Three Gorges Probe

Development should take back seat to clean rivers

Shanghai Daily
September 25, 2000

Huge amounts of pollutants released by chemical companies along the Yangtze River and the Yellow River are severely endangering both rivers.

According to the online edition of the “People’s Daily” this month, of more than 21,000 chemical companies in China, more than half are either situated along the Yangtze River or the Yellow River, of which about 100 pose significant potential pollution threats to the rivers.

In 2003, 16.4 billion cubic meters of polluted water was discharged into the Yangtze River, upon which 400 million people are dependent. That is to say the river absorbed 30,000 tons of dirty water per minute that year.

The Yellow River, upon which 200 million people are dependent, took 4.4 billion cubic meters of polluted water in the same year. Water life in about one-third of the river is now extinguished due to pollution.

“The prevailing problem at present is that in many places, people only take economic factors into consideration when planning to develop chemical industries. Banks along big rivers and suburbs near big cities have naturally become ‘hot land.’ But once any environmental accident occurs, the results can be disastrous,”says Wang Rusong, researcher at the Research Center for Eco-Environmental Sciences, at the Chinese Academy of Sciences,

What is most unacceptable is that some chemical companies are located on the upper reaches of these two rivers and they do not have standard pollution treatment systems.

The most important reason behind the rampant pollution, as both Li Jianhua, professor, deputy director of Key Laboratory of the Yangtze Water Environment of Tongji University, and Wang Xi, professor, associate dean of the School of Law of Shanghai Jiao Tong University point out in their interviews with Shanghai Daily, is the ignorance of environmental protection of certain local governments.

“In some regions, especially relatively small and poor areas, the local governments concentrate solely on the increase in GDP. They barely care anything about environment protection. This has also resulted in the phenomenon that many companies transfer from big cities where there are severe controls over pollution to those small and remote areas. But the pollution continues,” says Li Jianhua.

The central government has realized the seriousness of the problem and has already listed environmental protection as one of the most important tasks into the eleventh Five-Year plan (2006 – 2010).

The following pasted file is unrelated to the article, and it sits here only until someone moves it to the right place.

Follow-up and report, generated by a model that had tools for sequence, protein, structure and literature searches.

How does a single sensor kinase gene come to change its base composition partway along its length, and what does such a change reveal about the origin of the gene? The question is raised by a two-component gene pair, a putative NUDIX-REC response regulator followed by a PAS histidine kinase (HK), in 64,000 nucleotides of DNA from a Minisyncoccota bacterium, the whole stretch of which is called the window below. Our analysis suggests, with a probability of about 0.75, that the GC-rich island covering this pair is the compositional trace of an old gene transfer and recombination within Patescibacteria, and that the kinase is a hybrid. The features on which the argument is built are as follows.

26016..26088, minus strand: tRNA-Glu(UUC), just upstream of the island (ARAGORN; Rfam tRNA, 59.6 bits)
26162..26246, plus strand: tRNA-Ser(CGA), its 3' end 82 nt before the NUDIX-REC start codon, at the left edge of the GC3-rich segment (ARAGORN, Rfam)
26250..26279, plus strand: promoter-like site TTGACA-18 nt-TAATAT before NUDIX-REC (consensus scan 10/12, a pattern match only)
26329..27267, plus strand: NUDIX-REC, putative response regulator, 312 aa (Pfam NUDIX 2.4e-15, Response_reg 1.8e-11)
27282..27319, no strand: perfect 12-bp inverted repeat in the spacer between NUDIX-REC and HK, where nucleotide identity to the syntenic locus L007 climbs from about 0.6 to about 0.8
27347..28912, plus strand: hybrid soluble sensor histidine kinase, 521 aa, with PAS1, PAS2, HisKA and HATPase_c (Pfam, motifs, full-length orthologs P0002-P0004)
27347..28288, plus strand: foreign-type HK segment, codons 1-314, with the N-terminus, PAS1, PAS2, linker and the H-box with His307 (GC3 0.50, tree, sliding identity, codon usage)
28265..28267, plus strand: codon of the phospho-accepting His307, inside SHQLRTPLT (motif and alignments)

“This is really a good policy, since it helps to raise the sense of environmental protection of certain local officials,” stresses Wang Xi. However, the situation is still not optimistic.

“Nowadays, it is difficult to find any major river that is not polluted,” says Wang regretfully. “The Yellow River is already overloaded with pollution, and the Yangtze River is also in great danger.”

To save the rivers, Li suggests that the government establish a standard evaluation and approval system on petrochemical projects. Projects without suitable pollution abatement systems should never get approval.

In addition, Li suggests that the companies should attach great importance to technological advancements through which they can realize internal circulation of water.

In this way, companies may recycle the pollutants they release and change them into useful materials. This will not only help to save water resources, but also enable companies to reduce their pollution.

In this respect, there are already many successful models in the developed countries that China can learn from, Li says.

As to the present laws concerning environmental protection, Wang Xi believes that they are already lagging behind the times.

“Most laws and regulations on pollution control were stipulated during the period of planning economy, when the guiding ideology concentrated solely on economic development. And most laws and regulations stress only the punishment of pollution but neglect the importance of pollution prevention.”

Besides, Wang is also of the opinion that the industrial distribution in China lacks prudent overall planning. That has resulted in the present situation in which the banks of the two great rivers are crowded with petrochemical companies. This situation is expected to be improved in the eleventh Five-Year period, though.

Another suggestion Wang made was that the laws should strengthen the degrees of punishment.

At present, many companies do not attach due importance to pollution control because the costs of equipment or technical transformation exceed the fines.

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